Actually, Foreign and Naturally Occurring Sources Are the Main Contributors of Ozone in Utah
Last month, the Salt Lake Tribune published a story that sought to blame the bulk of Utah’s ozone pollution on local industrial sources, including the state’s oil and natural gas industry.
But as Energy In Depth pointed out at the time, the primary reasons for ozone in Utah, and other states like Colorado and California, is because of industrial pollution from China that drifts over the Pacific Ocean and from natural-occurring sources. It’s the reason Utah’s Department of Environmental Quality submitted a 179(b) International Transport Demonstration to the U.S. Environmental Protection Agency, which, if granted, would recognize that the emission sources that are beyond the agency’s control impede the state’s ability to ever be taken off the ozone nonattainment status list.
Now, the Tribune is back with a new story that acknowledges that Utah’s naturally-occurring sources and sources originating outside the state’s border comprise the majority of the pollution. Further, it concedes that addressing the state’s ozone problems isn’t as easy as asking the industrial sector to lower their emissions – an area where they’re already making tremendous progress. The Tribune reported:
“Utah’s ongoing violations of federal ozone standards along the northern Wasatch Front and in the Uintah Basin are going to be difficult to solve, a top state regulator told lawmakers on Wednesday.
“But [Bryce] Bird (director of the DAQ), who made the comments before the interim committee on Public Utilities, Energy and Technology, said addressing the issue is challenging. Over 80% of the pollution that causes ozone — namely volatile organic compounds and oxides of nitrogen — originate beyond Utah’s borders or emanates from natural sources like sagebrush, pine trees and wildfire smoke, Bird said.” (emphasis added)
The Tribune then stated the small amount of locally produced ozone and the wide variety of sources it comes from:
“Only 20% of emissions are from people and originate within Utah, according to the state’s data, and the largest source of those emissions is from vehicles. Restaurants, gas stations, dry cleaners, airplanes, and trains also contribute to the problem.” (emphasis added)
A sincere thank you to @sltrib and @zak_podmore for helping to increase the understanding of how complex Utah’s ozone problem is. https://t.co/zBJ8S69Ldo Some key findings from the article to follow: THREAD 1/
— Utah Petroleum Association (@UtahPetroleum) September 16, 2021
China is Primary Problem
These recent comments from DAQ comes as no surprise to anyone monitoring ozone pollution in western states, as the Utah DEQ wrote to EPA in its demonstration:
“A semi-permanent low-pressure system off the coast of China lofts pollutant-laden air to the mid and upper free troposphere. Fast winds within that region of the atmosphere then move this air and associated pollutants eastward toward the U.S. Pacific coast.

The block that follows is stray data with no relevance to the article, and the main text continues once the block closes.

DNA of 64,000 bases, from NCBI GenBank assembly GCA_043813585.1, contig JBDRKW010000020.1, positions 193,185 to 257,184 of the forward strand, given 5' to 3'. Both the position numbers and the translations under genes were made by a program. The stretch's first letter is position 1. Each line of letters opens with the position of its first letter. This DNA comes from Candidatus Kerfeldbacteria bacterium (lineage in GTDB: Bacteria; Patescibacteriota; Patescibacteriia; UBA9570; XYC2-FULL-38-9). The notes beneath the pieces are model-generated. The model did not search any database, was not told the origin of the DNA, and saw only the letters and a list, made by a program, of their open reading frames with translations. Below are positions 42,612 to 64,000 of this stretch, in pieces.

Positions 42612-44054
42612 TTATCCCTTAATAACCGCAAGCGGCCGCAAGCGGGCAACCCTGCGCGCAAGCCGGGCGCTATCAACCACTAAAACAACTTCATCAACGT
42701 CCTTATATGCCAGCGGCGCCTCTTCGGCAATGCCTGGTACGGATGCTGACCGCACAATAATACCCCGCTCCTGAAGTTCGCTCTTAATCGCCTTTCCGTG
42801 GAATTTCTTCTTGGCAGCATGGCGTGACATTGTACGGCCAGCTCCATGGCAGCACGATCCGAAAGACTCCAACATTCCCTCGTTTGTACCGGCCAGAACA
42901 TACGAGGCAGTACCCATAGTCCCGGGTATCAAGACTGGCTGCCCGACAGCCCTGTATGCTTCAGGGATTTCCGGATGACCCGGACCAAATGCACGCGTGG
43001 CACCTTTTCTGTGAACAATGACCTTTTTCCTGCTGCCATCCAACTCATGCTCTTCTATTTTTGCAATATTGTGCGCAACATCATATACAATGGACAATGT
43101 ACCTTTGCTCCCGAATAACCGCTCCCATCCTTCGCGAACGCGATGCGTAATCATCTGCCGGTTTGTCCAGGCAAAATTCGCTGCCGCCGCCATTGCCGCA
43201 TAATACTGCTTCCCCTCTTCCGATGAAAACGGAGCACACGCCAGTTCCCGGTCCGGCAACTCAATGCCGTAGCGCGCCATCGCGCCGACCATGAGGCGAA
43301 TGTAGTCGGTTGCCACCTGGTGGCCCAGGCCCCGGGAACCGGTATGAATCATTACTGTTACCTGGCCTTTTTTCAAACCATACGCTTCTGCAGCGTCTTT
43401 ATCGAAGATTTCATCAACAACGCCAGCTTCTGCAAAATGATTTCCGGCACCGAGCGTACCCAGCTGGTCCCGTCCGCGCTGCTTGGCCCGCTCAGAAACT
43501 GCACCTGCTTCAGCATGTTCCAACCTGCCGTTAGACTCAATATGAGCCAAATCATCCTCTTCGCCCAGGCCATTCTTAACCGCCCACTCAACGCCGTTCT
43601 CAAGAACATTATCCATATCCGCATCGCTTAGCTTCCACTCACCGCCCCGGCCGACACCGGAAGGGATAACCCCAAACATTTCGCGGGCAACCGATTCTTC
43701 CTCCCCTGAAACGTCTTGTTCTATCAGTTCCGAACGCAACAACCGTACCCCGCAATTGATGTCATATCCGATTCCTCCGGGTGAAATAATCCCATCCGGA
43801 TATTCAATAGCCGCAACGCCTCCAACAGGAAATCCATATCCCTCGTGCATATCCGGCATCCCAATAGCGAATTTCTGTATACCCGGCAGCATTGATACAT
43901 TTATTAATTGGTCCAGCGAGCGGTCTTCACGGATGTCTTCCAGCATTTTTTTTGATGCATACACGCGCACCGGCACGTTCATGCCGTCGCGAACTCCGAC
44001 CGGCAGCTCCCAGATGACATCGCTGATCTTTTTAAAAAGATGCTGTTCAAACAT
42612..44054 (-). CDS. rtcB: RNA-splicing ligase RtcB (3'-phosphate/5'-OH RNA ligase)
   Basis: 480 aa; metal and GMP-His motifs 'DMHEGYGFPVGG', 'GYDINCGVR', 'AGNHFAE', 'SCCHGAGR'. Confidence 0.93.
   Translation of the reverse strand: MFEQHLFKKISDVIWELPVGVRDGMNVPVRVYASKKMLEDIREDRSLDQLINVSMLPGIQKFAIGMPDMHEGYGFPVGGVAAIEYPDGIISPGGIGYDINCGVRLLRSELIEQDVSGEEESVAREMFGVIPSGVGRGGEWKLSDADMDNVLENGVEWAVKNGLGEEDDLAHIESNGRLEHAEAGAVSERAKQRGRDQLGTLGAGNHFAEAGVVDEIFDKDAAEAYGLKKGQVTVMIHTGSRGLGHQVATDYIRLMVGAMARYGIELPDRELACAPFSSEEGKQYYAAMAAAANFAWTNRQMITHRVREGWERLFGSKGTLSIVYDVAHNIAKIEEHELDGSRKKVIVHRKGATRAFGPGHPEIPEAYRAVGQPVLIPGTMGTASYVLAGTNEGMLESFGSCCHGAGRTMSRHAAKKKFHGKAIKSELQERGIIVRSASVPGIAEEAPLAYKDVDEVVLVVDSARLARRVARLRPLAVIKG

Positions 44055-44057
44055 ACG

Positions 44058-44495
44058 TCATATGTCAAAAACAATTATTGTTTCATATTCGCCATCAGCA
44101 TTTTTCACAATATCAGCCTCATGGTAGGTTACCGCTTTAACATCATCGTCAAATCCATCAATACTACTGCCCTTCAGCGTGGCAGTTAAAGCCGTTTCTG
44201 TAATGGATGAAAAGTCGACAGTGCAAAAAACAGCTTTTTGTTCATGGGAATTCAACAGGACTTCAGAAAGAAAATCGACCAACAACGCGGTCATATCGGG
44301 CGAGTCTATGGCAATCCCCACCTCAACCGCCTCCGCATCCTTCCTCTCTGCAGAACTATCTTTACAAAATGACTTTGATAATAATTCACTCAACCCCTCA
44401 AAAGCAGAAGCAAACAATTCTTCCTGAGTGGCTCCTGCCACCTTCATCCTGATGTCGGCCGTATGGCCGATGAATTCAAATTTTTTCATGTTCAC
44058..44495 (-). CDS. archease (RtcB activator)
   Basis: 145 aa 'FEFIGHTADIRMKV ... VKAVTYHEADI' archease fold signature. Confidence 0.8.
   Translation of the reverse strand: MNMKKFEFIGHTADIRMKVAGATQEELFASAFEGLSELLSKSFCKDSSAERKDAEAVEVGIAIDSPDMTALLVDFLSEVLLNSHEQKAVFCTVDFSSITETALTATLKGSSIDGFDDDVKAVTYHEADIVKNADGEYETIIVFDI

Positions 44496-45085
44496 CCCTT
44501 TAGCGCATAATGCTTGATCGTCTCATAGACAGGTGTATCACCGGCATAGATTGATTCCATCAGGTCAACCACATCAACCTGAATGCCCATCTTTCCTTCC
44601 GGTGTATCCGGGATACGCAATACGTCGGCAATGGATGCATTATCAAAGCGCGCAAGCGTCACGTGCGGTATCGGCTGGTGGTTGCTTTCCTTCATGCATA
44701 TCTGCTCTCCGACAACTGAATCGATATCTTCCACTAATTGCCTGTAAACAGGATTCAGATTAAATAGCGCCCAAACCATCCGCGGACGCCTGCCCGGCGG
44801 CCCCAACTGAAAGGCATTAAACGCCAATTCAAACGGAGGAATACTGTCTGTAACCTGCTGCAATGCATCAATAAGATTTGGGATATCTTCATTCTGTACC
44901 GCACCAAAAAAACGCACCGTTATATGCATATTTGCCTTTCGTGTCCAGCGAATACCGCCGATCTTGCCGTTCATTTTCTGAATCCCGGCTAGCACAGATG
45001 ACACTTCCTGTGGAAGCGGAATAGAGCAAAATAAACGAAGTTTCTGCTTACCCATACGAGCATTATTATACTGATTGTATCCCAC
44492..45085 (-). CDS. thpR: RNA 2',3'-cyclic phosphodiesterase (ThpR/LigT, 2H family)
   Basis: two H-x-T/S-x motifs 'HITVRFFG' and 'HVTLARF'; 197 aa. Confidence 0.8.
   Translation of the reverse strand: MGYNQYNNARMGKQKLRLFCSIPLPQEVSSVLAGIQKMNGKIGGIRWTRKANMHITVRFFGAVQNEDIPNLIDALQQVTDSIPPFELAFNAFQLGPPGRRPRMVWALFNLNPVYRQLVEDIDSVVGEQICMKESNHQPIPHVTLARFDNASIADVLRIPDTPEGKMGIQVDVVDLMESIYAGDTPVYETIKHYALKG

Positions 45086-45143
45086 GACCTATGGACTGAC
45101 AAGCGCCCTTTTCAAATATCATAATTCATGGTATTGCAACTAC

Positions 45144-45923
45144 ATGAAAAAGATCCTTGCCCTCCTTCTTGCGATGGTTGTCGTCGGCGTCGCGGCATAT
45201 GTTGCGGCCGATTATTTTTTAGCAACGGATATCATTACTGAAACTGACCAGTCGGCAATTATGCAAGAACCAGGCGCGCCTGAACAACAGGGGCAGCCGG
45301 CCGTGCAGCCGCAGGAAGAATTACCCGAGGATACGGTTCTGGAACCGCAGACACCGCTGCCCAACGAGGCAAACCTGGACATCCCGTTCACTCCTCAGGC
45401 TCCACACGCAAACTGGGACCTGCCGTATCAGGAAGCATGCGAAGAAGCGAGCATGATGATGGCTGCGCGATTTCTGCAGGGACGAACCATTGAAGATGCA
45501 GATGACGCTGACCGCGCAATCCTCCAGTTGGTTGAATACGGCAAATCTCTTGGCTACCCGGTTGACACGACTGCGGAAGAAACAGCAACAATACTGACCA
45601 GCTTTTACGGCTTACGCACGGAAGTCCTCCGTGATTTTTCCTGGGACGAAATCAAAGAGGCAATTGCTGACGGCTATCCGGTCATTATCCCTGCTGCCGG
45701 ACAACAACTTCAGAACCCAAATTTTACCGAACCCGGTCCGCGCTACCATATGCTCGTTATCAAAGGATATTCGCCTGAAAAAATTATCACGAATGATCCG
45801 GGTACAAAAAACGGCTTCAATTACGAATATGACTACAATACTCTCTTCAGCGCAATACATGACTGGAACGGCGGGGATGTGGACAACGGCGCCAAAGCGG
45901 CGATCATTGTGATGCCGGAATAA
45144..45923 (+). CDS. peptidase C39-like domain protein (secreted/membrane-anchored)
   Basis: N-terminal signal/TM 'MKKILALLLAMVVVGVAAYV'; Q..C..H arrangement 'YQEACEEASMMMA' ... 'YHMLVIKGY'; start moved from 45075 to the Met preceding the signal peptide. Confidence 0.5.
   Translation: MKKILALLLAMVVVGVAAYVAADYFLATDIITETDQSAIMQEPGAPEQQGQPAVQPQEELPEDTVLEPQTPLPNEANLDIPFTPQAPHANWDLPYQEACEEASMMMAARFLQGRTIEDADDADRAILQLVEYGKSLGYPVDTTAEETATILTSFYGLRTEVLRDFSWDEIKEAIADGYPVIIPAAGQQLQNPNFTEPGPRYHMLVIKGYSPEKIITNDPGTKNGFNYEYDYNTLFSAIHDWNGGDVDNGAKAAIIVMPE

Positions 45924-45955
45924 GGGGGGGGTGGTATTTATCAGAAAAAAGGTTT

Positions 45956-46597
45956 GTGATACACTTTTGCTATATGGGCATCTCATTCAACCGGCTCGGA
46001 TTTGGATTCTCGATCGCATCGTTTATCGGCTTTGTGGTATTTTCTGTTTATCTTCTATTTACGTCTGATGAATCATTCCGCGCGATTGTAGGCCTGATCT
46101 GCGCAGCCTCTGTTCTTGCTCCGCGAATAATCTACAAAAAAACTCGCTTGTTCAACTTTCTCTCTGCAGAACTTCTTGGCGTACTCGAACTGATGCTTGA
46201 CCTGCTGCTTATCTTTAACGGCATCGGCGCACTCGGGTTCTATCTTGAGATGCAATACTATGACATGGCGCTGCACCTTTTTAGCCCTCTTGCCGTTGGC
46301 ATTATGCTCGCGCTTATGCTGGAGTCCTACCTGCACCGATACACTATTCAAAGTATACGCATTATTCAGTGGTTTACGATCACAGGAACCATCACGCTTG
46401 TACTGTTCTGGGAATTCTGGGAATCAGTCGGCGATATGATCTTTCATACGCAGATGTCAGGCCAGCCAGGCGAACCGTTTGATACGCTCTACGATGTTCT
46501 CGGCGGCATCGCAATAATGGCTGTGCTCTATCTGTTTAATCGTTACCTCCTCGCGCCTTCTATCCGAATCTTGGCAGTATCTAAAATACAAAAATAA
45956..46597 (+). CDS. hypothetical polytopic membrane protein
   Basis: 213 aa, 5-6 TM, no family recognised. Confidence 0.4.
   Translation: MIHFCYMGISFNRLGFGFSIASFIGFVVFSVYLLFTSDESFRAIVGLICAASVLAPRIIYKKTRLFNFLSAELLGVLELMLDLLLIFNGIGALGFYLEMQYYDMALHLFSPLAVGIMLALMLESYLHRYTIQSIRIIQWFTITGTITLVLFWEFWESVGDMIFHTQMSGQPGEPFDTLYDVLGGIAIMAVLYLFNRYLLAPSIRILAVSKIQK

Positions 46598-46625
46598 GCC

“This occurs within days to weeks with ozone persisting at these altitudes because of the relative lack of chemical sinks and low temperatures in this part of the atmosphere. Semi-permanent high-pressure system over the U.S. Pacific Coast then brings down the upper tropospheric air back to the surface over the western U.S.”
The chart below, included in the demonstration, show the constant impact of foreign sources, as well as the high levels of naturally occurring sources and sources from other states:
In addition to industrial pollution from Asia, ozone levels also increase in Utah and other mountain states because of the wildfires in California that further hurt air quality. The only difference is that wildfire smoke is visible while ozone pollution is not.
The National Aeronautics and Space Administration has also published research on the impact of Chinese pollution on U.S. ozone levels and even NPR has reported on the problem with foreign sources contributing to ozone pollution:
“The U.S. is producing less air pollution, but smog levels are still rising in the western U.S. because of pollutants released in Asian countries that then drift over the Pacific Ocean.”
Utah is making strong progress in reducing the pollutants that lead to ozone – as DEQ noted:
“Over the last 15 years, the Wasatch Front airshed has achieved nearly a 40 percent reduction in volatile organic compounds.”
Furthermore, the oil and gas industry has also made huge investments to reduce pollution as the Tribune points out:
“The oil refineries spent around $450 million over the last decade on a program that reduced their emissions by 40 percent, Bird added.”
But it’s quite clear from a wide range of research that foreign pollution and naturally occurring sources are the primary causes of ozone pollution in Utah and across the western United States.
It’s a positive sign to see that the Salt Lake Tribune is helping readers gain a better understanding of this complex challenge and addressing the core problems of this issue, rather than misguidedly blaming the oil and natural gas industry.